If you ever thought that having kids or getting older was a reason to stop, read this:
By Christine Brennan, USA TODAY
OMAHA — The last time Dara Torres unretired and went to the Olympics, she was sitting on a folding chair in the press tent at the 2000 Sydney Games. Her last race had just ended. Her astonishing five medals had been won. She was waiting to be interviewed by reporters, then she had a date with the drug testers.
It was then, sitting alone during a rare quiet moment during those Games, that Torres, the star of the show at age 33, began fighting back tears.
"I can't believe it's already over," she said. "It was so much fun, but now it's done. It goes so quickly."
There may be no one in the history of swimming who loves the venue of the Olympics as much as Dara Torres does. Eight years ago, while other swimmers celebrated when their races were done, Torres lamented the passing of time. While the rest were thrilled to never have to swim another lap, Torres was crestfallen that her Olympic experience was over.
It would take nearly eight years for Torres to find this out, but she was going to be given one more chance to swim at the Olympic Games. She would unretire once more after having a daughter, and she would train, and she would swim faster than she ever had before, and she would make another U.S. Olympic team — not once, but twice, with two relays potentially thrown in for good measure.
What a magical Fourth of July weekend this was for Torres. On Independence Day, the 41-year-old mother with a 2-year-old daughter, hoping to finish somewhere in the top six in the 100 freestyle to qualify for the 4x100-meter free relay, won the event in a time of 53.78 seconds, upsetting U.S. recordholder Natalie Coughlin.
Then, Sunday, she swam faster than any U.S. woman has ever swum in winning the 50 freestyle in 24.25 seconds. In second place was Jessica Hardy. She is a stunning 20 years younger than Torres.
"I think I've shown that you don't want to put an age limit on your dreams," an ecstatic Torres said minutes after pulling herself out of the pool.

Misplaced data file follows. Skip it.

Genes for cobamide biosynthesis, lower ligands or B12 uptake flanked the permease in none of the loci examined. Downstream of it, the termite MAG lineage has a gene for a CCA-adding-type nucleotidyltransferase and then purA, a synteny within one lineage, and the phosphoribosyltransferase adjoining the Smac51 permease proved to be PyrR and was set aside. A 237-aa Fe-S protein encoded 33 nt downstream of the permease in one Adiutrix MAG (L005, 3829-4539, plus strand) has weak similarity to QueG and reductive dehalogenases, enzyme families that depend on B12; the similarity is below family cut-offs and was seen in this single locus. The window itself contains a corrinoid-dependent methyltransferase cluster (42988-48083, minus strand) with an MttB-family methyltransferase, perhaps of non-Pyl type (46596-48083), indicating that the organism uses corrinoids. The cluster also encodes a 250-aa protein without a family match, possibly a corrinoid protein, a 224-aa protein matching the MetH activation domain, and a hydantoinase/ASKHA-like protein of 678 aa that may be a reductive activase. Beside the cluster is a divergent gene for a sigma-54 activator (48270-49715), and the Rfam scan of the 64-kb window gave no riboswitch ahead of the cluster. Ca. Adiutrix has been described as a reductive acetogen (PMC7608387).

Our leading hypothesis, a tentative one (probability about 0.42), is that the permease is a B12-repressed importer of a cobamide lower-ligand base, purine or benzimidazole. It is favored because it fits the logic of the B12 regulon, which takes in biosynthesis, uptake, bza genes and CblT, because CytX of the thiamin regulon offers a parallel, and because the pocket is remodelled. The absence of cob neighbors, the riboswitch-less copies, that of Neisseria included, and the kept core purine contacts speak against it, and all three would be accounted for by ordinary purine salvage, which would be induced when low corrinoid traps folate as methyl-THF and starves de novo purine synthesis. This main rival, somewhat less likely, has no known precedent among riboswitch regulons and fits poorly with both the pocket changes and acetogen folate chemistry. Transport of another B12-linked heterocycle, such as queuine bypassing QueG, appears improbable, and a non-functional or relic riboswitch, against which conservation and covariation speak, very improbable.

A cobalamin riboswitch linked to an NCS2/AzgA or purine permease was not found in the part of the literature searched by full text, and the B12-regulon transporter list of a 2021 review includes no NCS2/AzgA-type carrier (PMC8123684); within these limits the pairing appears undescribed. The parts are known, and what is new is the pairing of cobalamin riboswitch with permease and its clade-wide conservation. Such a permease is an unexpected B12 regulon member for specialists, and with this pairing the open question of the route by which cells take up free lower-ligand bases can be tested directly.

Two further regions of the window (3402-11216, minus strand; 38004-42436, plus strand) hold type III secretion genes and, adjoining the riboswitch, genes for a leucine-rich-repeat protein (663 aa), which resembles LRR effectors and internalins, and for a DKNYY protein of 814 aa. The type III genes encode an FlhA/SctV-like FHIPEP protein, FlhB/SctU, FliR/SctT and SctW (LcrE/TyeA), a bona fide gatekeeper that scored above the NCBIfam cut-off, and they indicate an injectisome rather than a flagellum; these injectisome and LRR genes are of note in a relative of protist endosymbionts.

Torres is the story of the hour in the U.S. Olympic world — and perhaps about to become the story of the summer, and not just in sports. Along press row, someone called her "Hillary in the pool," and that might not be far off. She certainly is doing things that once would have been unthinkable for a female athlete.
"You see people who are late bloomers, but she's just a continual bloomer," said Olympic gold medalist Nancy Hogshead-Makar, a teammate of Torres at the 1984 Los Angeles Games. "What I love about her accomplishment is it really stretches your idea of what people are capable of doing. When I think of Dara's career, I think of someone who is adapting with the state of knowledge (in swimming training). It's a new thinking about athletes and what they are capable of."
Of course, because this is the Steroid Era in sports, and because some Olympic sports deserve a lifetime achievement award in this area, including hers, Torres is dealing with her share of broad-brush questions about how she is accomplishing such remarkable feats.
But unlike Marion Jones and Barry Bonds and Roger Clemens and all the other scoundrels of our time, Torres is undergoing not only urinalysis, but also blood testing in a U.S. Anti-Doping Agency pilot program for which she volunteered. Torres said she has had both her urine and blood tested 12 to 15 times since March. That's a lot of drug testing, more than Bonds and Clemens likely had in their entire careers combined.
But the cacophony will continue to build — that she must be on something to swim faster at 41 than she did at 21. So I contacted U.S. Anti-Doping Agency chief executive officer Travis Tygart to ask him how much faith we can put in the pilot testing program that Torres and 11 other U.S. Olympians are undergoing.
"Any athlete's involvement in the pilot program proves they are committed to whatever it takes to compete clean," said Tygart, who is the nation's toughest sports doping cop. "You'd have to be a fool to be dirty and be in this program."
That won't end the conversation about Torres and drugs, but she asked to be in this program, and that's very important to keep in mind.